Hölzel BK, Carmody J, Vangel M, Congleton C, Yerramsetti SM, Gard T, & Lazar SW. (2011) Mindfulness practice leads to increases in regional brain gray matter density. Psychiatry research, 191(1), 36-43. PMID: 21071182  

  • March 11, 2011
  • 10:02 AM
  • 2,216 views

Restoring Nedoceratops: Gored by a Horned Rival?

by Brian Switek in Dinosaur Tracking

What is Nedoceratops? That depends on who you ask. The single known skull could represent a transitional growth stage between Triceratops and Torosaurus head shapes in a single species of dinosaur, or it might be a unique species of horned dinosaur that lived alongside its better-known relatives. The suggestion that Nedoceratops was truly a Triceratops [...]... Read more »

  • March 11, 2011
  • 10:00 AM
  • 851 views

The bacteria in your gut can affect the neurons in your head.

by Brooke N in Smaller Questions

Reviews a recent article about commensal bacteria influencing neural development.... Read more »

Heijtz RD, Wang S, Anuar F, Qian Y, Björkholm B, Samuelsson A, Hibberd ML, Forssberg H, & Pettersson S. (2011) Normal gut microbiota modulates brain development and behavior. Proceedings of the National Academy of Sciences of the United States of America, 108(7), 3047-52. PMID: 21282636  

  • March 11, 2011
  • 09:51 AM
  • 1,434 views

Evolution in action in Harlequin ladybirds

by Africa Gomez in BugBlog

I find invasive species fascinating. Either on their own steam or with a little help from us they have expanded their geographical distribution and, with time, they start forming part of the network of ecological links in each environment. Furthermore, - although they might have a negative impact on the economy and/or native species -  they provide unique natural experiments that allow us to witness evolution in action and to investigate which evolutionary forces are be involved. One such i........ Read more »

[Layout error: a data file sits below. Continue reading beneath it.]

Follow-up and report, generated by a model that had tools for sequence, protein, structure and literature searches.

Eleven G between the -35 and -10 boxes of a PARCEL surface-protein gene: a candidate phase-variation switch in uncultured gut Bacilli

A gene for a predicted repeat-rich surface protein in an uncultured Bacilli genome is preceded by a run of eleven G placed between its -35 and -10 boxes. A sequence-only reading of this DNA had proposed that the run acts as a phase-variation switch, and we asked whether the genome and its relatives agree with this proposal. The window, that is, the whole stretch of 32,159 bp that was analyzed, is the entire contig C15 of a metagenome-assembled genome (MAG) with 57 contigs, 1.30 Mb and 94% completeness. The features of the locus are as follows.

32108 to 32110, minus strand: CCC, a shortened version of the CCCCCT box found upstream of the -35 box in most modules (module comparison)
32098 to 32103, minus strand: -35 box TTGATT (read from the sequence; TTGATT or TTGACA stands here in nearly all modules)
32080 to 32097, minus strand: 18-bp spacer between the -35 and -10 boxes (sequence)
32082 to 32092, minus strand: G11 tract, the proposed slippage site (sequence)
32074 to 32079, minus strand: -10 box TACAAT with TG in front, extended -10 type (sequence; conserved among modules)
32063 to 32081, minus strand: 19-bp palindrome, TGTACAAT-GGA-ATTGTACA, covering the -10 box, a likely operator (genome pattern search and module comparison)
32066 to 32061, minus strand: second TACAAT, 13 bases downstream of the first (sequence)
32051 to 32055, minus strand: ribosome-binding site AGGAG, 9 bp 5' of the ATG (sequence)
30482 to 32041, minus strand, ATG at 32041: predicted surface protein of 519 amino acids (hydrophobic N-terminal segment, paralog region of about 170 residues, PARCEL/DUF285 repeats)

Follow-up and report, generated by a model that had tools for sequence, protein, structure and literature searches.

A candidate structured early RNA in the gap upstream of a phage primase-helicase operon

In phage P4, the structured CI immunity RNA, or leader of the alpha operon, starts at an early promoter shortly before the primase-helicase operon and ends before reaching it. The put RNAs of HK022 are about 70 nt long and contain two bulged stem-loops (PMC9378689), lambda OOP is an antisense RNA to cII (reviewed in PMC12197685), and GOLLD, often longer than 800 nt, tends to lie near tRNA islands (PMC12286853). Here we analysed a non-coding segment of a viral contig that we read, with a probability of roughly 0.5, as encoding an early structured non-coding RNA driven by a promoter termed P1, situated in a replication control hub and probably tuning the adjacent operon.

Facon B, Hufbauer RA, Tayeh A, Loiseau A, Lombaert E, Vitalis R, Guillemaud T, Lundgren JG, & Estoup A. (2011) Inbreeding Depression Is Purged in the Invasive Insect Harmonia axyridis. Current biology : CB, 21(5), 424-7. PMID: 21333536  

Maderspacher, F. (2011) The benefits of bottlenecks. Current Biology : CB, 21(5). info:/

  • March 11, 2011
  • 09:00 AM
  • 1,456 views

Stop, Hey What’s That Sound?: Chimps Know Social Upheaval When they Hear it.

by Matt Soniak in mattsoniak.com

The “Ooooooohhhh!” a human being cries out when they stub their toe might sound a pretty similar to the “Ooooooohhhh!” they cry out at the end of their mating ritual, but they two calls are different. An important part of human-to-human communication is our ability to extract information from context-specific calls and integrate it with [...]... Read more »

  • March 11, 2011
  • 08:20 AM
  • 1,543 views

The error of genebanks’ ways

by Jeremy in Agricultural Biodiversity Weblog

The Crop Science paper by Mark van de Wouw, Rob van Treurena and Theo van Hintum of the Centre for Genetic Resources, the Netherlands (CGN) probably deserves more than the rather cryptic Nibble we gave it yesterday. It certainly seems to be eliciting some interest in the media. What van de Wouw and friends did [...]... Read more »

  • March 11, 2011
  • 07:33 AM
  • 1,969 views

Viruses, vaccination and the inflammasome. Part 1.

by Connor Bamford in The Rule of 6ix

The inflammasome
Daily, our immune system deals with multiple microbial threats, including viral, bacterial, fungal and parasitic pathogens that have evolved to evade our defences. One major obstacle to infection is our 'innate' immune system - the one that doesn't include all our B and T cells; has no memory and is generally pretty fast in acting. This set of barriers is made of anatomical, chemical, molecular and cellular obstacles that must be overcome if a pathogen is to successfully se........ Read more »

  • March 11, 2011
  • 05:30 AM
  • 794 views

The random walk of evolution

by Becky in It Takes 30

One of the reasons that some people have a hard time accepting evolution is that the organisms we can study today are so darn complicated that it’s hard to see how they could have arisen from many small steps.  Take chemotaxis in bacteria, for example.  The motor for movement, the flagellum, has frequently been cited [...]... Read more »

Wei Y, Wang X, Liu J, Nememan I, Singh AH, Weiss H, & Levin BR. (2011) The population dynamics of bacteria in physically structured habitats and the adaptive virtue of random motility. Proceedings of the National Academy of Sciences of the United States of America. PMID: 21325053  

  • March 11, 2011
  • 03:40 AM